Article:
Golden Lane is among the most popular tourist attractions in Prague. It is part of the complex surrounding a castle and consists of a narrow lane which is lined with picturesque houses. The street takes its name from its earlier history in the 17th century when it was the home of a number of goldsmiths.
The lane is located close to the external walls of the city castle, on its eastern side. Most of the houses along the lane date back to the 16th century, and were intended as residences for the men who guarded the castle for King Rudolph II. For this reason, the road was known as Archery Lane at that time.
As the guards were gradually replaced by craftsmen, the street took on its modern name. A local legend has it that the street was occupied by a number of alchemists who were engaged in trying to create gold out of base metals. However, this was not actually the case. Although alchemists did live in the castle precincts, they were located elsewhere.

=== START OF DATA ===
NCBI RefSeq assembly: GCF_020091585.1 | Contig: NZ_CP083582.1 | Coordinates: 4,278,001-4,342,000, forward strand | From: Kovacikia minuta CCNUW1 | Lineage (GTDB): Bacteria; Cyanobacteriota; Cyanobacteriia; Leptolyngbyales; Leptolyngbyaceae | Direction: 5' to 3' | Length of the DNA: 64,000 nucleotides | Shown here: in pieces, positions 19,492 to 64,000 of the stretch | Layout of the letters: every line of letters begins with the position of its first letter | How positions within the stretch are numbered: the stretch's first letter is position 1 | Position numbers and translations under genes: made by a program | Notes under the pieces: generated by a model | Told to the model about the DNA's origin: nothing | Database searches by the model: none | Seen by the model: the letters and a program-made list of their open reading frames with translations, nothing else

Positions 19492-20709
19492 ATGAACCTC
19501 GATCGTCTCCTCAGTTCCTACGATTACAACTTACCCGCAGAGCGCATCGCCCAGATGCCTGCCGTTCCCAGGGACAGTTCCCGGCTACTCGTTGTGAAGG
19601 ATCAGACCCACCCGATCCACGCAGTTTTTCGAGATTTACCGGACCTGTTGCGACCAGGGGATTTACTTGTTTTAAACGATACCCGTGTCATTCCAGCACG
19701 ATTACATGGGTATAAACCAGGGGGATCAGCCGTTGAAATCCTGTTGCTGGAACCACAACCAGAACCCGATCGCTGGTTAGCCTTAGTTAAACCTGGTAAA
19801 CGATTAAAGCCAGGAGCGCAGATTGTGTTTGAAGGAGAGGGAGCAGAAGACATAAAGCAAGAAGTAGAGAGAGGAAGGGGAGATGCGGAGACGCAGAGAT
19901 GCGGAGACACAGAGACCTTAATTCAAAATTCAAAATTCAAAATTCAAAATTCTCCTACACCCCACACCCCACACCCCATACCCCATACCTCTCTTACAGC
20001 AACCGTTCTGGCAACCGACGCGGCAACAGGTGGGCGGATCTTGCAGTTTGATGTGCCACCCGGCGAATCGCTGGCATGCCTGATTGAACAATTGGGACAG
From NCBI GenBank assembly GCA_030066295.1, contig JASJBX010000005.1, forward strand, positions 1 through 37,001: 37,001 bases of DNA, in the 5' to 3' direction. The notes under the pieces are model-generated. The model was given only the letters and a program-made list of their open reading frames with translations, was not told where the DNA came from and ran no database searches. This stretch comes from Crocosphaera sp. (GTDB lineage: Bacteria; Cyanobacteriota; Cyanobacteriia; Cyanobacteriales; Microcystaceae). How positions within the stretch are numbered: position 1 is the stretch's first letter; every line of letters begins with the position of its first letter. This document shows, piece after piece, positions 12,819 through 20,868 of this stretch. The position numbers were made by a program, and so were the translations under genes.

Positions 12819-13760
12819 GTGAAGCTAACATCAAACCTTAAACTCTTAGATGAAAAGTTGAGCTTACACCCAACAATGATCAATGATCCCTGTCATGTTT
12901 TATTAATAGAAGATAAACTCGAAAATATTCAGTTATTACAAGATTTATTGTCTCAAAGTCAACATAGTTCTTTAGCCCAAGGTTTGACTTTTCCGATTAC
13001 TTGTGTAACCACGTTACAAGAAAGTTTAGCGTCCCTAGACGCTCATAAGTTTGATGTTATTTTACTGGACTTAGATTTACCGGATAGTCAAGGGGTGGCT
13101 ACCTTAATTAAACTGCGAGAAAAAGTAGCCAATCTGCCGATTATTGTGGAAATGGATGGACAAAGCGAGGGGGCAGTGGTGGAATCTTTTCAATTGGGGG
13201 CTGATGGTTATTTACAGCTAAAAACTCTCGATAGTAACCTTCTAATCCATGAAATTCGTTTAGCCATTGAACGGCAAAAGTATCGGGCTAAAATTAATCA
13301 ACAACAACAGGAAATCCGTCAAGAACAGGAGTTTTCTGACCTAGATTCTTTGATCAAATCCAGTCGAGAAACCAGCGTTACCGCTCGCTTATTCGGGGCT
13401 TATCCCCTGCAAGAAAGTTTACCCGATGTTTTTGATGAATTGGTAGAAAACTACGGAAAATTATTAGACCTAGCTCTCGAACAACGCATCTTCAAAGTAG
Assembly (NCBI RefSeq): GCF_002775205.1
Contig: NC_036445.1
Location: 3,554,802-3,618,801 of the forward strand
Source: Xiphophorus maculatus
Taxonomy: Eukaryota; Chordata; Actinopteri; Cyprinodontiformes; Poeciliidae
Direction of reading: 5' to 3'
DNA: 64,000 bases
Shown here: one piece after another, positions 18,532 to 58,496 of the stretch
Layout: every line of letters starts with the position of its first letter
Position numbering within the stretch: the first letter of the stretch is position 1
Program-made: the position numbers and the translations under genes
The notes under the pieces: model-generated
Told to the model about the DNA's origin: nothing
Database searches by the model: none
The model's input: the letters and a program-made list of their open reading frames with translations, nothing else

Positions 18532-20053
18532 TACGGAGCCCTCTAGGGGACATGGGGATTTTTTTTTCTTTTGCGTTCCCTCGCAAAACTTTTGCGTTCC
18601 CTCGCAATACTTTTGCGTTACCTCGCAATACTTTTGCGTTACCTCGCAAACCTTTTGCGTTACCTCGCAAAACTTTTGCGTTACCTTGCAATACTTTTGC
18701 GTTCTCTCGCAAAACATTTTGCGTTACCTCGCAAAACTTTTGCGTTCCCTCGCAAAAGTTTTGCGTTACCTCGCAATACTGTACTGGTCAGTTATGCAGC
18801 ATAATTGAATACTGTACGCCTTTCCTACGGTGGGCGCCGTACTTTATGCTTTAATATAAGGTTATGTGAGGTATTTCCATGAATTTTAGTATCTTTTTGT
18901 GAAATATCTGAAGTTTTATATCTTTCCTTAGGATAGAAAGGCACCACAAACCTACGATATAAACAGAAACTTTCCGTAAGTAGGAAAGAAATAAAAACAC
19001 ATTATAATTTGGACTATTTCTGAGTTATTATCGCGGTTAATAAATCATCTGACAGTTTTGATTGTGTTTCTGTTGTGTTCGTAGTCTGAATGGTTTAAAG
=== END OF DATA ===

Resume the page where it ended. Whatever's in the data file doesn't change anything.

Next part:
In the first part of the 20th century, Golden Lane was the haunt of writers, including some of the best known Czech authors. The most prominent of these was Franz Kafka, who lived in a house owned by his sister for a short while during WWI. Jaroslav Seifert, the winner of the 1984 Nobel Prize for Literature, lived on the street as a young man in the 1930’s.
Up until the 19th century, there were 24 wooden dwellings along the lane. At that time, however, the houses on one side of the road were condemned as slums and knocked down. The other dwellings were left intact. These houses were mostly lived in by the poor, but they became a magnet for criminal elements. These inhabitants were evicted in 1952 when the Czech government took on responsibility for the lane.
During the early 1950’s, the houses were thoroughly restored and repainted, giving the street the brightly colored appearance that it has today. It is no longer a residential street, but instead a tourist-oriented commercial area, with bookshops and souvenir sellers taking up most of the houses. The street is operated on a ticketed basis as a tourist attraction.